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close this bookAn Overview of Disaster Management (Department of Humanitarian Affairs/United Nations Disaster Relief Office - United Nations Development Programme , 1992, 136 p.)
close this folderChapter 1. Introduction to disasters
close this folderCausal factors of disasters
View the document(introduction...)
View the documentPoverty
View the documentPopulation growth
View the documentRapid urbanization
View the documentTransitions in cultural practices
View the documentEnvironmental degradation
View the documentLack of awareness and information
View the documentWar and civil strife



Photo credit: UNHCR/M. Vanappelghem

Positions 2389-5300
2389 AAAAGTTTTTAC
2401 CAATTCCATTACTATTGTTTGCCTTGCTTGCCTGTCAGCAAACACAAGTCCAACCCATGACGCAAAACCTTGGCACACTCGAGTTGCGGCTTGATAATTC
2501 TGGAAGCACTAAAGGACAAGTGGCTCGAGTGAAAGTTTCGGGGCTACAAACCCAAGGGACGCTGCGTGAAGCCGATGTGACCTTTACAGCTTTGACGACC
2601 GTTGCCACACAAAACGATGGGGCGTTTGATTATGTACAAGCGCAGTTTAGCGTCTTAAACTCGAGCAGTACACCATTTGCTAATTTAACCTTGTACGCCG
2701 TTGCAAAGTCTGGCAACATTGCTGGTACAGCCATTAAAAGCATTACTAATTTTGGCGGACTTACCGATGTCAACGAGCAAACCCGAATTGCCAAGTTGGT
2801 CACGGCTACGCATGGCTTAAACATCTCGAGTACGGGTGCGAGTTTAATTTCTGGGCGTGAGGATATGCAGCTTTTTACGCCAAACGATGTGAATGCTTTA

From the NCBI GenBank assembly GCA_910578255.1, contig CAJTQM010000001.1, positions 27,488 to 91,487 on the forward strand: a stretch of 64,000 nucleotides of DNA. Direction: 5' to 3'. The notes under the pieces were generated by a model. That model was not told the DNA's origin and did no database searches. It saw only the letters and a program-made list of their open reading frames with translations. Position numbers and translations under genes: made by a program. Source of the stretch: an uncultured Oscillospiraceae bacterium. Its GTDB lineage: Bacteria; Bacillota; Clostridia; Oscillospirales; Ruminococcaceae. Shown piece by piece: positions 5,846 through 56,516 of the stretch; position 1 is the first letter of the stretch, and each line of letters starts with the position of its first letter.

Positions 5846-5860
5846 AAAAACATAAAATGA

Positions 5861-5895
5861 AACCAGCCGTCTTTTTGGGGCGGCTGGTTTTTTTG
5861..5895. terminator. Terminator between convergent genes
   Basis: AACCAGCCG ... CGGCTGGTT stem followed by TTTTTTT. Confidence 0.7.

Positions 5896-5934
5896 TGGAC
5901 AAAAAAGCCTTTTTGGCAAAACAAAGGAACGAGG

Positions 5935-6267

The most important single influence on the impact of a disaster is poverty. All other factors could be lessened if the affected population were not also limited by poverty. Virtually all disaster studies show that the wealthiest of the population either survive the disaster unaffected or are able to recover quickly. Across the broad spectrum of disasters, poverty generally makes people vulnerable to the impact of hazards. Poverty explains why people in urban areas are forced to live on hills that are prone to landslides, or why people settle near volcanos or rivers that invariably flood their banks. Poverty explains why droughts claim poor peasant farmers as victims and rarely the wealthy, and why famines more often than not are the result of a lack of purchasing power to buy food rather than an absence of food. Increasingly, poverty also explains why many people are forced to move from their homes to other parts of their countries or even across borders to survive. Such crisis-induced migration poses considerable challenges both in terms of immediate assistance to the displaced and of longer-term development.